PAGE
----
Engineer Finds Success as Chocolatier

He runs a bean-to-bar craft chocolate factory while juggling a day job.

Sol Cacao 2

BRIDGEPORT, Conn. (AP) — Ask Daniel Maloney, 26, about chocolate, and he digs into his knapsack for a slender bar wrapped in gold foil.

"You are going to like this," he said with a wide grin, holding up the bar and talking about its "notes of raspberry, cherry and citrus" as if he was describing a fine wine. 

A 2009 graduate of Central High School and 2013 graduate of Fairfield University, Maloney has a degree in electrical engineering and a job as a construction manager in Manhattan. 

He identifies, however, as a chocolatier and credits his success to a program he joined as a teen. 

At the Bridgeport Holiday Inn on Jan. 9 to address a Mentoring for Academic Achievement and College/Career Success — or MAACS — reunion, Maloney told fellow alumni of the college prep program that with enough effort, everyone has the capability to follow multiple passions. 

"Each and every one of us has the capability to create a luxury product. To tell a story and transform an emotion. Basically anything is possible if you are willing to sacrifice, be flexible and do the work," Maloney said. 

Along with older brothers Dominic and Nicholas — who also graduated from Bridgeport high schools — Maloney runs Sol Cacao, a bean-to-bar craft chocolate factory in the South Bronx. They do so juggling their day jobs: While Daniel manages construction contracts, Dominic is a biotechnologist and Nicholas is a registered nurse. 

The three run their chocolate business out of a 2,000-square-foot-factory for six to eight hours after they get off work. 

It was something they had talked about doing for years and finally made a reality in March 2015.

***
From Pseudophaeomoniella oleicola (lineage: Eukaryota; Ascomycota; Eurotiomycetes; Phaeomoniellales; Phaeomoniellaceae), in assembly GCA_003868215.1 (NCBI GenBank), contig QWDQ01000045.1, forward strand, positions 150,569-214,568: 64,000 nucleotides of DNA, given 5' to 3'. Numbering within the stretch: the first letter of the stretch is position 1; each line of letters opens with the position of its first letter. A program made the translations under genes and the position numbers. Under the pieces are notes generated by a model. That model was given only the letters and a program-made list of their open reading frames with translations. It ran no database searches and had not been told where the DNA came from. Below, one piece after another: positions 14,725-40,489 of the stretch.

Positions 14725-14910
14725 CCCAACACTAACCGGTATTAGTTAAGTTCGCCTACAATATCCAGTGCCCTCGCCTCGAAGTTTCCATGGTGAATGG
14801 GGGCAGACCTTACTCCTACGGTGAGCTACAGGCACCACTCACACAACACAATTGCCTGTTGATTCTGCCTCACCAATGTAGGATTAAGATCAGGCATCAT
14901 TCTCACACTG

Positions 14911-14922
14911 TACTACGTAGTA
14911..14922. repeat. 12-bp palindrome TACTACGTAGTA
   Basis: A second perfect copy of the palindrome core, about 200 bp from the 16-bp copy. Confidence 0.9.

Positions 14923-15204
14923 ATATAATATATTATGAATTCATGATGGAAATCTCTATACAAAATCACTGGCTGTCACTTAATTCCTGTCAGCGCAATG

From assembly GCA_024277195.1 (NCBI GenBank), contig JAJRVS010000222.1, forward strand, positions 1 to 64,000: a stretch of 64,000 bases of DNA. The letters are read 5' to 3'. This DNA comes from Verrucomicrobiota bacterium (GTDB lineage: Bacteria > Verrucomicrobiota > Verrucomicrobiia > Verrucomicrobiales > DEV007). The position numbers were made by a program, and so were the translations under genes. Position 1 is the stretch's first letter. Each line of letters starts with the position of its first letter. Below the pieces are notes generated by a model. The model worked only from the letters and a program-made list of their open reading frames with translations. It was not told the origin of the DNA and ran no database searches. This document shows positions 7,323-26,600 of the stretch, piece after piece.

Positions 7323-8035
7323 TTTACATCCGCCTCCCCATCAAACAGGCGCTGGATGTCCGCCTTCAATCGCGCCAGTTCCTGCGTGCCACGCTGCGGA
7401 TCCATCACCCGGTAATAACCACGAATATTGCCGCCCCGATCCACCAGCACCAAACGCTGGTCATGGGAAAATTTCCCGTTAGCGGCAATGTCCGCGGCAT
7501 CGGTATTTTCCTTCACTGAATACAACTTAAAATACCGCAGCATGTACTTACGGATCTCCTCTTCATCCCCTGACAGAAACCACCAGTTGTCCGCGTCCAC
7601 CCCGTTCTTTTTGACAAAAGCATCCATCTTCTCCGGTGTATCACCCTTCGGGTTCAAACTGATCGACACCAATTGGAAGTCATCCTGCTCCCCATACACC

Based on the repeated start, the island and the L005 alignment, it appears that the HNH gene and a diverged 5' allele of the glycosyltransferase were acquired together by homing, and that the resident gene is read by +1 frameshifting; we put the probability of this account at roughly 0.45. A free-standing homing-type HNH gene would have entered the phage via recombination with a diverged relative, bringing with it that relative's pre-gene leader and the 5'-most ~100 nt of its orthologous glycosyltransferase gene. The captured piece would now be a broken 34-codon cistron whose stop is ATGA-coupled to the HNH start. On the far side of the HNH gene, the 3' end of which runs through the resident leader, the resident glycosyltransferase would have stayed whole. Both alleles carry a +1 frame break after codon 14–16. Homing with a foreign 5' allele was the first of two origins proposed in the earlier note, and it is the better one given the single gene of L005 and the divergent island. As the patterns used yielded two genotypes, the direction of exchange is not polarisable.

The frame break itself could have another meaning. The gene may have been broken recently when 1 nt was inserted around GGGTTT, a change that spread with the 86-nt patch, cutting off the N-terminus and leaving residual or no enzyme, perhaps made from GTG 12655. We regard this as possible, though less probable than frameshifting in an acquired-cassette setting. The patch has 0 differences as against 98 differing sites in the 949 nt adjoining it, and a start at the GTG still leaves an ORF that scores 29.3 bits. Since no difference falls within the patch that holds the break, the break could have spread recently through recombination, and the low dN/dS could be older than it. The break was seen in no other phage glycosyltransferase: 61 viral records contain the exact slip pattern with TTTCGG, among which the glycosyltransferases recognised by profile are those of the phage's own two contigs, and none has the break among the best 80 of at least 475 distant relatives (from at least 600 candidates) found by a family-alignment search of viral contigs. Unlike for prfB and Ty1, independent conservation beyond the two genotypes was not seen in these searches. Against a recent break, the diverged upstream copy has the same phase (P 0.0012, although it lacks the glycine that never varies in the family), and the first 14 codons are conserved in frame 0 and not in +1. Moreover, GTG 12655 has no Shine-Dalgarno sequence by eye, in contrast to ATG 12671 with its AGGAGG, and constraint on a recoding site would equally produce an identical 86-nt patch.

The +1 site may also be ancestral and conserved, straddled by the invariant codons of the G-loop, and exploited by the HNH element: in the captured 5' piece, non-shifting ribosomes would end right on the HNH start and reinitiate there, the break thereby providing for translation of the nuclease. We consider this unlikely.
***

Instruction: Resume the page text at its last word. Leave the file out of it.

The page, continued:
"Even in college, I knew I was going to be doing this," said Maloney. "I love chocolate and every step of the process from how it is grown to how it should be enjoyed." 

The brothers were born on Trinidad and Tobago, Caribbean islands filled with cacao trees. Their great-grandfather planted cacao trees. Their great-grandmother was a cinnamon farmer. 

"Growing up, we didn't have much, but we always ate well," Maloney recalls. 

The family moved to New York when the boys were young and then to Bridgeport in 2004 when Maloney was in the seventh-grade. 

He attended Dunbar, then Central Magnet School. In his senior year, he was introduced to MAACS through Jessica Bromberg, then a coordinator of the program. 

Sponsored by the Bridgeport Public Education Fund, MAACS pairs participants with mentors who stick with them through college, helping them with adjustment issues, finances and fitting into college. 

"MAACS made me realize the importance of attending college," Maloney said. "I always find myself looking back at the past wondering how life would have turned out without the support of my mentors." 

Maloney's mentor was Antonio Musto, a couple of years older than Maloney and a student at Fairfield University. Musto is why Maloney ended up at Fairfield. 

"Getting real time insight on what college is like makes a difference," Marge Hiller, director of the fund, said. 

To date, the MAACS program has provided mentoring to more than 6,000 students and has a success rate of 95 percent of its students going on to college. 

Maloney viewed college as an opportunity to think critically and creatively. He wanted to create something other people weren't really doing. 

It took years of research and trial and error to perfect their recipes, settling on two ingredients: cacao beans — sourced from farmers in Madagascar, Ecuador and Peru — and raw cane sugar. 

"Craft chocolate is all about letting the bean speak for itself," said Maloney. "Less is more. You will be impressed with how much flavor we are able to generate." 

Maloney said his goal is to demystify the chocolate-making process and introduce palates to dark chocolate that tastes differently. 

He does not want to be the next Hershey. Hershey, he said, is mostly fat and sugar. 

"Hershey disrupts the pallet and confuses people to what chocolate really is," he said. 

The brothers sell Sol Cacao online and in markets throughout New York City, along with a smattering of shops from Massachusetts to Oregon.? They are also working on opening a retail space and a cacao tea recipe. 

Sol Cacao, as of yet, can not be found in Connecticut, where many people, Maloney said, still do not understand the $8 a bar price point. 

In New York, home to five bean-to-bar chocolate makers, it is less of a learning curve. 

"People appreciate it for the experience," he said. "It is something special."